PS.Don't forget to make sure there is no bullet in the rifle!

Yeah,Vic,you had me going for a while there as well.Seems we were looking at different photos.But this all came about because you didn't think that David Bain could have held the rifle in that position to clean it down.I take it you now accept that he could have,and, in fact, probably did,in Stephen's room ,using his gloves to wipe it with.

I do Mike. I definatly do!!! What a silly "boy" he is.

Ive often heard people make the comment about how clever he is but I do not agree with that statement one bit.I think with a little bit more thought he could of gotten away with this but simple little things went right over his head. "clever"? No!! Just  stupid !!

Yes,David Bain did make some elementary mistakes,but of course he was not expecting anything to upset his plan.You can imagine what sort of a whirl his mind was in after that struggle with Stephen.

It so happens I am writing a chapter now on the fingerprints on the rifle.Needless to say I am not mentioning individual fingers!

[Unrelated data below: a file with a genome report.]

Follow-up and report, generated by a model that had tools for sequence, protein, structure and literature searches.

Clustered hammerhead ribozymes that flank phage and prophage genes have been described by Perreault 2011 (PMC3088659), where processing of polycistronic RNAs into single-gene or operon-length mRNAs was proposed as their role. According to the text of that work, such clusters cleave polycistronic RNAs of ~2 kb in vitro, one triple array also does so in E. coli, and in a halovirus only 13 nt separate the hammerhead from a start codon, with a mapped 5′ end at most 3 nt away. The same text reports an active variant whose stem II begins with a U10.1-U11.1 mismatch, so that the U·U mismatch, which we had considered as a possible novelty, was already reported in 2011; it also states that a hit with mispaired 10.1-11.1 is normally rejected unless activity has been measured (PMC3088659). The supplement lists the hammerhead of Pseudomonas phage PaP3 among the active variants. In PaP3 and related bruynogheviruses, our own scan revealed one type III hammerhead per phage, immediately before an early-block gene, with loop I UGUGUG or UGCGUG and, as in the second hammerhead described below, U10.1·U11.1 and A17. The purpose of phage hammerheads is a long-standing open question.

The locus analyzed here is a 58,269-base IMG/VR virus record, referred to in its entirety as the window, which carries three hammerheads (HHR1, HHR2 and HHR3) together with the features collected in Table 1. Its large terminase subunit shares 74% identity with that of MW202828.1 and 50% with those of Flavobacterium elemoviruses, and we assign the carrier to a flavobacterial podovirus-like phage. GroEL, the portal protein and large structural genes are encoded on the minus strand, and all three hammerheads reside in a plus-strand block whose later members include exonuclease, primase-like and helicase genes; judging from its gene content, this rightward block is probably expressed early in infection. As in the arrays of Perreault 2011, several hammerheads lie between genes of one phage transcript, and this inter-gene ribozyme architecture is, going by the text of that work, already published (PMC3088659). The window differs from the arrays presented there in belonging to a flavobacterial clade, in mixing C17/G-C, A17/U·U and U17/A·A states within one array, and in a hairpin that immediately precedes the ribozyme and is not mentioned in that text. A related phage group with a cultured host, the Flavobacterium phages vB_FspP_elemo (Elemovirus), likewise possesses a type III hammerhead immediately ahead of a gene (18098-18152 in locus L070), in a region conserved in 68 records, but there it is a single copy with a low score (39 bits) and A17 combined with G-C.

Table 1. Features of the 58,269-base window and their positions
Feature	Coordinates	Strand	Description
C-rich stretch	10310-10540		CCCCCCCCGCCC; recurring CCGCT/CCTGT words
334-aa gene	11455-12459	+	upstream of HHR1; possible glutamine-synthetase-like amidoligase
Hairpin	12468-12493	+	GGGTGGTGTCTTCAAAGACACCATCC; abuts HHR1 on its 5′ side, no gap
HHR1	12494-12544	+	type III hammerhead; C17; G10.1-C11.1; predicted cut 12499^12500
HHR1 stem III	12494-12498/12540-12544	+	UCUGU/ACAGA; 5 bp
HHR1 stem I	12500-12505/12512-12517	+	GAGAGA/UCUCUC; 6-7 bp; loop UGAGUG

In reply to by Mike Stockdale


There has always been a debate as to whether David Bain's fingers had blood on them when he placed them on the rifle.No blood sample was taken from "under" the fingerprints,but one was taken from virtually right next to the fingerprints.

Then when Harbison tried to find some blood to sample from under the fingerprints in 1997,she had no success,although Dr Guersen said he found mammalian blood under the fingerprints.Then along came Lloyd and he said there was no blood of any kind under the fingerprints.

Hentschel and Jones both agreed that no sample be taken from under the fingerprints,they wanted a pristine set of prints.But Jones had no doubt that David Bain had blood on his fingers when he placed them on the rifle.

A thought has occoured to me from one of your earlier posts ,Mike and  permit me to quote,

"Another reason why Robin Bain may not have left any fingerprints on the rifle is that he had old,dry skin,and dry skin does not leave prints.", according to Karam.

Was this remark made by the defence in the retrial or was it what I call some of Karams ad hoc remarks during the Radio Live show.?What was his source for this?

Robin Bain was 58 when he was murdered.Bryan Bruce was born in 1948 so the time of the Investigator special he would be 62.If we follow Karam's reasoning then Bryce's "old ,dry skin" would of not left fingerprints.As we know he left copious identifiable fingerprints..Thoughts please.